We can’t deny it. It’s the season when more people are driven to finding happiness and being happy. In our daily activities, what does this mean? Many people believe happiness and satisfaction come from external events affecting them. But recent studies indicate that much of true satisfaction and well-being come from within, and that one is not born happy or unhappy – it is mostly a developed or a learned trait.
How can that be? We get a glimpse of the explanation in a study by Professor Robert Emmons, U.C. Davis Psychologist and Editor in Chief of the Journal of Positive Psychology. He has found that “those who regularly practice grateful thinking improved their happiness score by 25%. Since being grateful improves one’s happiness, so do these same qualities reportedly have a positive affect on one’s health.”
In a recent lecture Dr. Andrew Weil, noted leader in integrated medicines, described the term “infectious happiness” as an emotion that can spread from person to person. Weil further stated “that there is no question that who you choose to associate with can raise or lower your spirits, make you happy or sad, calm or anxious, comfortable or uncomfortable.” These are states that translate directly to being healthy or unhappy and these infectious happiness qualities can be quantified. According to a study published in the British Medical Journal, one finding was that if a person lives less than a half mile from a happy friend, he has a 42% greater chance of being happy. This same infectious happiness can ripple through groups and organizations and has a profound effect on the happiness of those individuals.
Along with happiness, Weil spoke about the resultant health that can be achieved. Particularly interesting were Weil’s references to health in terms that place the individual in charge of his own. He suggested that a good way to improve one’s health was simply choosing to be with people who exemplify the lifestyle one wishes to emulate – that with whom you spend your time is important. He also commented that the stem word for medicine means to meditate. This places medicine and health squarely on thought.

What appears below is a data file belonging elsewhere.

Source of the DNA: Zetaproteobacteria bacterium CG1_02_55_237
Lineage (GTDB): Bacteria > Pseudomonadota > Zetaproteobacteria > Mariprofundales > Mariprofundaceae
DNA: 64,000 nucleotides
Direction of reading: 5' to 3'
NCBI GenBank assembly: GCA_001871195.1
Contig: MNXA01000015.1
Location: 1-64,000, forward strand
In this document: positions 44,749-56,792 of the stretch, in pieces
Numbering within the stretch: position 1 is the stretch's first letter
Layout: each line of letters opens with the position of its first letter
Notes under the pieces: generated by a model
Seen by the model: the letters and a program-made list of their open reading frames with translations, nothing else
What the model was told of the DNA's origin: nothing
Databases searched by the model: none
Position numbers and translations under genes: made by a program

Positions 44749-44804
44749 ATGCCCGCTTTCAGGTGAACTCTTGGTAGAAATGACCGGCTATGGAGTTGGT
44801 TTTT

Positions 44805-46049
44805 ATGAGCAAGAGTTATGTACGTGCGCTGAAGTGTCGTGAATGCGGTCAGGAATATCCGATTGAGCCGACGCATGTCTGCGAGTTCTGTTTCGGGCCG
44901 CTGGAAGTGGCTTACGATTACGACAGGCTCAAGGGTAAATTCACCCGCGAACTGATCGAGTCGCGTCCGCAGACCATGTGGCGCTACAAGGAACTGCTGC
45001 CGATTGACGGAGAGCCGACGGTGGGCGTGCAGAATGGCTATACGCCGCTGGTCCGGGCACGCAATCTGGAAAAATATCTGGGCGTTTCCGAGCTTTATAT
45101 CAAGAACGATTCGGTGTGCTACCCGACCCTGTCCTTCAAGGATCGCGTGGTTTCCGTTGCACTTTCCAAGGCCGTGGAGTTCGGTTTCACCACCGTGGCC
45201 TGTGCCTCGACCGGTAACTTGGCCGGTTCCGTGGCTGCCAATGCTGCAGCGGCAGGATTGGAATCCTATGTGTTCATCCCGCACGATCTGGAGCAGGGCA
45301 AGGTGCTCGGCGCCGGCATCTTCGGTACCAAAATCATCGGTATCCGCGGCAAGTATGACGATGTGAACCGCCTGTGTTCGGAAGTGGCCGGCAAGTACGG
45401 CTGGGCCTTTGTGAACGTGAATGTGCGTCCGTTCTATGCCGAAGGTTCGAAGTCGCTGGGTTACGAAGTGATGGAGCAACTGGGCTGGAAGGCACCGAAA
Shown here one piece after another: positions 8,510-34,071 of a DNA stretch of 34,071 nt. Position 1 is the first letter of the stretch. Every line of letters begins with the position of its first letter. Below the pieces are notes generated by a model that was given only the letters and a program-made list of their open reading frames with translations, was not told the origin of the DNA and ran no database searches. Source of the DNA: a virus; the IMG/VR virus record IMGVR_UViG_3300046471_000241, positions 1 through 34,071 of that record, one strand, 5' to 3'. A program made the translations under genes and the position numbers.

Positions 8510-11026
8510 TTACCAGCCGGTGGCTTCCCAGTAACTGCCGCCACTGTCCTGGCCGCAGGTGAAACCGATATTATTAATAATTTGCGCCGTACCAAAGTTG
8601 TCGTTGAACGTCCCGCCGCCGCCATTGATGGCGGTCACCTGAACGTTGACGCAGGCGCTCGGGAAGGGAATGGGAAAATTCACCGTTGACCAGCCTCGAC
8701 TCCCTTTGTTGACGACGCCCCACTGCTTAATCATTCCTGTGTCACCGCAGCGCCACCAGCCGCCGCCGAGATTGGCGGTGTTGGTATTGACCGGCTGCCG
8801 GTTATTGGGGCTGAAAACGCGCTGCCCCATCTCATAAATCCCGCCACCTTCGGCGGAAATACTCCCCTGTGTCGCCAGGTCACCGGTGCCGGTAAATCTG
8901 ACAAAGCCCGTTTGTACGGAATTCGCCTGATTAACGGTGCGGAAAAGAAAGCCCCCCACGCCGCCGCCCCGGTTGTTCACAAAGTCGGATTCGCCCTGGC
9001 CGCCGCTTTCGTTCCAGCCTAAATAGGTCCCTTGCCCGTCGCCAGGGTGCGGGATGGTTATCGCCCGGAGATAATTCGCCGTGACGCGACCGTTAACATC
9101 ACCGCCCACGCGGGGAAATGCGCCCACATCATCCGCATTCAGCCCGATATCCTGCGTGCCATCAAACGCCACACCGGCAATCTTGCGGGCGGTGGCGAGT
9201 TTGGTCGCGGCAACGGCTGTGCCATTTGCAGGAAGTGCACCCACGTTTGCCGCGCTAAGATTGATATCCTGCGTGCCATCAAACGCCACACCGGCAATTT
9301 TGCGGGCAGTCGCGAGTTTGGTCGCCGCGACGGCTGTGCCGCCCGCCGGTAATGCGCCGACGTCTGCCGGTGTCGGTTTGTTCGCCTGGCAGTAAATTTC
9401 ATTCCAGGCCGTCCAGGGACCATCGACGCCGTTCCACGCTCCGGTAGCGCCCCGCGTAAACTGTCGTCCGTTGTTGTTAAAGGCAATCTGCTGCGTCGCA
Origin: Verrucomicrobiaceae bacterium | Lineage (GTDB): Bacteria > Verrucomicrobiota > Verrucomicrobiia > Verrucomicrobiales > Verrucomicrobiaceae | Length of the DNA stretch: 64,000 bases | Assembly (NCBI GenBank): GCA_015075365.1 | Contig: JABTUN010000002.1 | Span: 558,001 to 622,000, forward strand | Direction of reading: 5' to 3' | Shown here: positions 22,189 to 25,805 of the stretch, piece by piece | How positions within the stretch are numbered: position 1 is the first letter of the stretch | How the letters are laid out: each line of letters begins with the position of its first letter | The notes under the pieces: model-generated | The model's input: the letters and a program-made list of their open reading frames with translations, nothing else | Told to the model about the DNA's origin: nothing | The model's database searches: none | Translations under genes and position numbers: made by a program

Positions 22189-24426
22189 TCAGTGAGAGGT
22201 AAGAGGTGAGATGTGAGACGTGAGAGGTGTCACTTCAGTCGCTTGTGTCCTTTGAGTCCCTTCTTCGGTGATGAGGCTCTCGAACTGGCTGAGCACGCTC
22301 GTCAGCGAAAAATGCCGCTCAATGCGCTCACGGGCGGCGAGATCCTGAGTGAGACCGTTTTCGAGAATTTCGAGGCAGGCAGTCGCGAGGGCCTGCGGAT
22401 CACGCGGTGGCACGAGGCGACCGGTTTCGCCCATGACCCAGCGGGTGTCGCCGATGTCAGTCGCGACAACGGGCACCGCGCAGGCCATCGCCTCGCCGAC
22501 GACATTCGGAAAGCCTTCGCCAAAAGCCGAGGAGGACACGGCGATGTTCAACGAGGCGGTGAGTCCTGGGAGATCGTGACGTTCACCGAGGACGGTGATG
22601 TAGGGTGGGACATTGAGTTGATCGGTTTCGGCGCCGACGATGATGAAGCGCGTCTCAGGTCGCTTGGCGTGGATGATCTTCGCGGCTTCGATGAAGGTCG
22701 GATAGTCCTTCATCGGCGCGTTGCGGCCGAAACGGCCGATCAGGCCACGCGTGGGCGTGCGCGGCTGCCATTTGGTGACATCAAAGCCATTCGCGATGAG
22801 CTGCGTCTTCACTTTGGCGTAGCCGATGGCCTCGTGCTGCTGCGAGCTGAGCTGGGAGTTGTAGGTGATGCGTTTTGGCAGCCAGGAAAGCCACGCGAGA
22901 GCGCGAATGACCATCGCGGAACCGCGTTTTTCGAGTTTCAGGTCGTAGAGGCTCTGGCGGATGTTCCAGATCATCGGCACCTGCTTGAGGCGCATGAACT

Where is this headed? According to Weil and Emmons, our health is enriched if we make choices that involve meditative, grateful, joyous, and thoughtful lifestyles. What is interesting is that many of these ideas were expressed by writers of an earlier period. Mary Baker Eddy, in Science and Health with Key to the Scriptures, wrote, “Gratitude is much more than a verbal expression of thanks. Action expresses more gratitude than speech.”
Evidence continues to mount that thought affects the body, especially thought qualities like gratitude, which researchers see as a rapidly growing field of study. Improved health and happiness may result more from spirituality and the mind than from drug-based traditional western medicine.Powered by Sidelines